However, MEHKO does have requirements. Any approved business is not allowed to make more than $50,000 annually, and they are not allowed to sell more than 30 meals a day. Still, it is being looked at as a possible stepping stone for vendors who have longed for a legal path to operating their business.
Although the protest was focused on the implementation of this bill in the county, Enamorado did address the accusations he made in a video he recently posted on Instagram. In the video and in his storieshe briefly mentions the tensions rising between himself, vendors, and a local organization called Community Power Collective, which has organized street vendors for years, in addition to organizing vendor communities in the Guatemalan Night Market, the Piñata District, Hollywood, Santa Monica, and more.
In the videos, he shows screenshots of text messages that told street vendors not to participate in the protest, describing it as "violent." Other allegations have also been made by former vendors who worked with the organization.
“I've had problems with not just this organization but others who help vendors, but I’ve kept my mouth shut," Enamorado says. "The reason why I didn't say anything was because, at the end of the day, I felt that they were helping vendors too. I didn't want to basically stoop to their level, but it came to a point where the bad outweighed the good."
However, CPC has denied the accusations while confirming that their disagreements with Enamorado are true. CPC did not respond to continued follow-up emails for comment on the allegations. They posted a formal statement on their platform.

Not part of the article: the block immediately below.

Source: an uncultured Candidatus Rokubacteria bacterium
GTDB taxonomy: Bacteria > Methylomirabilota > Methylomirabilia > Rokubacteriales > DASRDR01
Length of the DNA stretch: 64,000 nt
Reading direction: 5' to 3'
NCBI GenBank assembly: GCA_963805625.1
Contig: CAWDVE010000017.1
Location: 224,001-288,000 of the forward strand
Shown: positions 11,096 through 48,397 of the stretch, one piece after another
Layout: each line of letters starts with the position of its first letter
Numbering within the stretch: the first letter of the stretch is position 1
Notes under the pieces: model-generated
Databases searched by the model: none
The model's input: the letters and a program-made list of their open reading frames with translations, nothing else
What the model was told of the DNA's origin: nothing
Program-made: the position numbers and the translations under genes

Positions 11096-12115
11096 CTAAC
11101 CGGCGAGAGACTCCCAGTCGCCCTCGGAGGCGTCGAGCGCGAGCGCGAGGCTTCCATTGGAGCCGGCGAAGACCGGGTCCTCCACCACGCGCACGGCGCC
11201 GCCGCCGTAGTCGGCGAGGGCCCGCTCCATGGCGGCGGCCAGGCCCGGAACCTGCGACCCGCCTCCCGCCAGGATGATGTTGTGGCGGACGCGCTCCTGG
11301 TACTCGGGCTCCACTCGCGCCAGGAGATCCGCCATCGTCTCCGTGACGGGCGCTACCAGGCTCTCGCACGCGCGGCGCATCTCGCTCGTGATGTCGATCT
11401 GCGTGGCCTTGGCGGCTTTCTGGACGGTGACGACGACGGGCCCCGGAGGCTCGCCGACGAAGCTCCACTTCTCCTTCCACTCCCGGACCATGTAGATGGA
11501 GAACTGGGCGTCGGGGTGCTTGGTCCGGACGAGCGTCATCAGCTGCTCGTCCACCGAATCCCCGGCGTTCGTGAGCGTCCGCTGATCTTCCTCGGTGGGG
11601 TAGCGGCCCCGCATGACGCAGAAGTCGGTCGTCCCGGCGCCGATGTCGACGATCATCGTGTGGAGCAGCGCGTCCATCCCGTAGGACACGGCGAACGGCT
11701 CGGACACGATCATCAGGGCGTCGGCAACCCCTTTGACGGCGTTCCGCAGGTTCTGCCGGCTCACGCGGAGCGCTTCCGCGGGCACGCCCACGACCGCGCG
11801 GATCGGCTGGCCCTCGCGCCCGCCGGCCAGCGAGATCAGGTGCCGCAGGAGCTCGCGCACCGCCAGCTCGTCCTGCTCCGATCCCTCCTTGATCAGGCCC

“As an organization, we support vending communities by facilitating political education, leadership development, engagement with local policy-makers and organizations, and by connecting vendors with other vending communities to help build collective power. Our goal is for vendors to be organized so that they do not need to depend on any individual or organization (PC included) to protect themselves and advocate for their needs and those of their communities… We believe that the disagreements we have had with this individual are about the tactics and strategies to best support street vendors. These kinds of differences will always exist within this work, and we accept that. We have never said anything about or against him to our community.”
After the initial publishing of the story CPC did reach out to clarify the text regarding the protest and said it was actually referring to a separate situation that they thought had to do with Tuesday’s gathering.
"There were videos making their rounds on social media showing vendors being violent towards each other. It was our understanding that this march that was being planned by Edin was related to this incident…That is why we did not want to be involved. At no point did we tell people not to go to the action or refer to Edin as violent."
Enamorado, who normally organizes large protests with bandas, posters, and large crowds, said he couldn't help but think that the reason why there weren't a lot of street vendors at the protest on Tuesday had to do with the screenshots he showed, where some vendors alleged they were being told not to attend.